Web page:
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If I have a div with height:100% & width:100%, it's background color will be up to the browser's height and width primarily. But if the content inside that div grows dynamically, then, the div will not expand according to the content, text will be overlapped and flows over that div. On the other hand, if I set min-height and min-width to 100%, then if the content length is smaller than browser's window, background-color will not stretched to browser's height and width.

html, body{
 height: 100%;
 margin: 0;
 padding: 0;
}
#container{
 height: 100%;
 width: 100%;
 background-color: red;
}

How to make such div which background-color will cover up browser's window size primarily but if the content grows dynamically, it will be able to expand with content at the same time.

Regards.

share|improve this question
    
Do in the case that the content 'grows dynamically' past the bounds of the window? Because if you have height and width 100% it will fill the whole thing – Zach Saucier Jul 29 '13 at 15:54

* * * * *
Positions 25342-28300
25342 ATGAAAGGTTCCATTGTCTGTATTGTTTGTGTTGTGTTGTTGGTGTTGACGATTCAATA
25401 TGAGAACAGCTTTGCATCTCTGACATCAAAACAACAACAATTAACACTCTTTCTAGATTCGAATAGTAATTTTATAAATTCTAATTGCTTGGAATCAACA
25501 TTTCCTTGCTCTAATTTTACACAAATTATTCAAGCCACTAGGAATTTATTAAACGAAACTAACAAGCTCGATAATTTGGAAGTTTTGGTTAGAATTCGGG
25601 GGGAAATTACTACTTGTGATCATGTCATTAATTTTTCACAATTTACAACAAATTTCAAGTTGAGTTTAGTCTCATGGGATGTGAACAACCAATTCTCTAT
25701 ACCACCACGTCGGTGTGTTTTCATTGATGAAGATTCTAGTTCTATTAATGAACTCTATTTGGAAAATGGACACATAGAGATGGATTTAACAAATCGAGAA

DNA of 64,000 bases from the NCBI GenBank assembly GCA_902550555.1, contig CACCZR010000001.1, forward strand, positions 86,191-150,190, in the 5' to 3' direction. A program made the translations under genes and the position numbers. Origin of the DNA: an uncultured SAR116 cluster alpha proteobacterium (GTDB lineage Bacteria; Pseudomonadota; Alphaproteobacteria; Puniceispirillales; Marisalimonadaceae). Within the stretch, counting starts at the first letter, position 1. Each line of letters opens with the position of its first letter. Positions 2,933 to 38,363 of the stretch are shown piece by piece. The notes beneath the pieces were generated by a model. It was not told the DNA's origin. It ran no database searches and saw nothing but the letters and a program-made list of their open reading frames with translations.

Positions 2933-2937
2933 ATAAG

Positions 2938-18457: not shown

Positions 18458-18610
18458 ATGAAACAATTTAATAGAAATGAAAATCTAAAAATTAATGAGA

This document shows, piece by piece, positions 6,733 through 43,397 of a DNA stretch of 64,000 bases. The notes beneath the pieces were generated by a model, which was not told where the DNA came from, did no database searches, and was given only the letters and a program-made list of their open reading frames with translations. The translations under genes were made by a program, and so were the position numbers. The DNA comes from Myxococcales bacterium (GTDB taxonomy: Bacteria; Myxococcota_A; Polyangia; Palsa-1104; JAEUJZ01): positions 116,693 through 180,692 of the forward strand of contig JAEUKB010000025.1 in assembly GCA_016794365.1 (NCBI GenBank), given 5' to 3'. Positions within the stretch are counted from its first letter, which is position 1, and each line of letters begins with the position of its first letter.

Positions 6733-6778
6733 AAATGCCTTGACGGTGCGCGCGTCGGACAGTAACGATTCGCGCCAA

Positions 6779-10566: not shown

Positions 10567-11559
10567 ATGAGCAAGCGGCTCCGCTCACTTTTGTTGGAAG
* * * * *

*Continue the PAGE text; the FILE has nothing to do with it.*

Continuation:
Sorry but could not understand what you have said. – stockBoi Jul 29 '13 at 15:58
1  
Why don't you set the background color on the body element? In that case the whole browser window always has the background color set, regardless of the actual size of the div. – Mecki Jul 29 '13 at 15:59
    
because it is my layout of the webpage, in which main content area will be different than body color. – stockBoi Jul 29 '13 at 16:00
    
But you said that the div should fill the whole browser window, so how would you ever see the background color of the body tag? You said yourself: "if I set min-height and min-width to 100%, then if the content length is smaller than browser's window, background-color will not stretched to browser's height and width." so to me that sounds you want that the div stretches to fill everything - but if it fills everything, than you cannot see anything of the body background color. – Mecki Jul 29 '13 at 16:02